Food inflation has been topical over the past few months and South Africa saw double-digit levels from mid-2022 to mid-2023. This was not unique to South Africa but a global phenomenon underpinned by various factors, including drought in South America; China’s strong demand for grains and oilseed; higher energy prices and the Russia-Ukraine war.
South Africa has had a number of outbreaks of animal diseases in recent months that suggest there are weaknesses in the country’s biosecurity system – the measures in place to reduce the risk of infectious diseases being transmitted to crops, livestock and poultry. The outbreaks pose a major challenge for South Africa’s domestic animal farming sector.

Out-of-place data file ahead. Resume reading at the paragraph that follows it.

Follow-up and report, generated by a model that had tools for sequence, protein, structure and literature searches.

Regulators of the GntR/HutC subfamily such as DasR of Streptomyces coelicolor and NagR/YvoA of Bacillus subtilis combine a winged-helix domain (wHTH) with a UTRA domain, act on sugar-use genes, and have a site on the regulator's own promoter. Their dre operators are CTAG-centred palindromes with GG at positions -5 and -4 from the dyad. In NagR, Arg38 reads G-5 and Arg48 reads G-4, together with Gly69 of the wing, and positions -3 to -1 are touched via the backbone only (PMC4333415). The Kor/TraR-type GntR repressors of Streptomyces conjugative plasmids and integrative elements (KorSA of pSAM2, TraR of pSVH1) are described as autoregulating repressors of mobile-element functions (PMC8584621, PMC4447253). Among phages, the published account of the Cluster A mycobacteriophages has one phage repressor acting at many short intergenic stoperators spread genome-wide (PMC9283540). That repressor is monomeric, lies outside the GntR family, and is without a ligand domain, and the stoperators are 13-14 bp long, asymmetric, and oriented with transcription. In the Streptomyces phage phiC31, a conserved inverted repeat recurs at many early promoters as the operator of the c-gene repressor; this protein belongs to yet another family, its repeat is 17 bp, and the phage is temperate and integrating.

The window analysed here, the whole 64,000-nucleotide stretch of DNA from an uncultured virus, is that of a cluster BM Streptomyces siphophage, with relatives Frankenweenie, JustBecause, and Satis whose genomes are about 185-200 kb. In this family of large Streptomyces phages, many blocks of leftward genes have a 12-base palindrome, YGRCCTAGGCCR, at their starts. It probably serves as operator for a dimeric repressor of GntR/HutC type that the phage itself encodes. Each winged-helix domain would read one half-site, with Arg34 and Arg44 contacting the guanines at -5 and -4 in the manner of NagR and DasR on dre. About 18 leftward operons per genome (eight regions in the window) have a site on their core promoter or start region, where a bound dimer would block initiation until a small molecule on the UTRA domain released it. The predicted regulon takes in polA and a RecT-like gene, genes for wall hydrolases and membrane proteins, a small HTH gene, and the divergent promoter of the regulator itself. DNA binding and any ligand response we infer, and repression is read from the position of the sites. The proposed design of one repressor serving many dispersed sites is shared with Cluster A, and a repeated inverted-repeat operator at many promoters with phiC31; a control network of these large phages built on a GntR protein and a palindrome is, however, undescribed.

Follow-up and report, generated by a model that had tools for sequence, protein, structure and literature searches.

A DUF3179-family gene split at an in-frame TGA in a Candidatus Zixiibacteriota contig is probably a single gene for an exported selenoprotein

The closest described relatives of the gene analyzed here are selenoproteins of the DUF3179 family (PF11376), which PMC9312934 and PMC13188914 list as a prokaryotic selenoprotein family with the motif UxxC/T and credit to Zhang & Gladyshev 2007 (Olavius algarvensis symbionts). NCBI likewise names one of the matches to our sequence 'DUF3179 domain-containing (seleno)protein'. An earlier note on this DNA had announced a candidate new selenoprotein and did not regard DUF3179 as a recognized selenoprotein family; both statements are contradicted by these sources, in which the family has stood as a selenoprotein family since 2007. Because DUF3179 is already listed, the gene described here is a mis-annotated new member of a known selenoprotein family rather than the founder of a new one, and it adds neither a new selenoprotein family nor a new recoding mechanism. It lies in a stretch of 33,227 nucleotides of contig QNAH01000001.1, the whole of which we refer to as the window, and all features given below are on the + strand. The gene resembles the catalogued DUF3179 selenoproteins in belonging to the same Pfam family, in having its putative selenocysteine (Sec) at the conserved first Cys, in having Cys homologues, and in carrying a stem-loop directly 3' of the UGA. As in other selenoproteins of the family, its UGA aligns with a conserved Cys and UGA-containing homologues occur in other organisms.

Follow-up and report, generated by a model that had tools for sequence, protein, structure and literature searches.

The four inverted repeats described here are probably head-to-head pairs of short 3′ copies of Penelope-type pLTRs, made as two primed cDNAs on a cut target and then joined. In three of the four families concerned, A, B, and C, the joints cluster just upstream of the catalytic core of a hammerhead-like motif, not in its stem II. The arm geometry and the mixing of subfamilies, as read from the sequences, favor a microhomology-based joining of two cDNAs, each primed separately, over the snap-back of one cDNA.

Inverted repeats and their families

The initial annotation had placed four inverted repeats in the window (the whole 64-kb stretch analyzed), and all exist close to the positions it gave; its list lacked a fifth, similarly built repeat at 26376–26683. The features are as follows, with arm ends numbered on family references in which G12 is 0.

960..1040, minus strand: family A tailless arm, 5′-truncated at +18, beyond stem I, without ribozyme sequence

The solid production conditions in South Africa’s agricultural sector continue to be reflected in the employment data. The Quarterly Labour Force Survey data released last week by Statistics South Africa showed that in the third quarter of 2023, about 956 000 people were employed in primary agriculture, up 10% year-on-year (and 7% quarter-on-quarter).
International trade is at the heart of SA’s agricultural success. For this reason any disruptive legislative and logistical constraints to exports constrain the sector’s growth and are cause for concern. Equally, the differences in the interpretation of export-related legislation by industry leaders versus regulators could have adverse effects on the sector or dent sentiment.
The weather prospects continue to paint an encouraging picture of the 2023/24 summer crop season and the farmers will probably respond by expanding their planting areas.
In 2022 SA ranked 59th out of 113 countries in the index and was the most food secure country in Sub-Saharan Africa. This was an improvement from a ranking of 70th in 2021. We ranked the second most food-secure country in Africa after Morocco.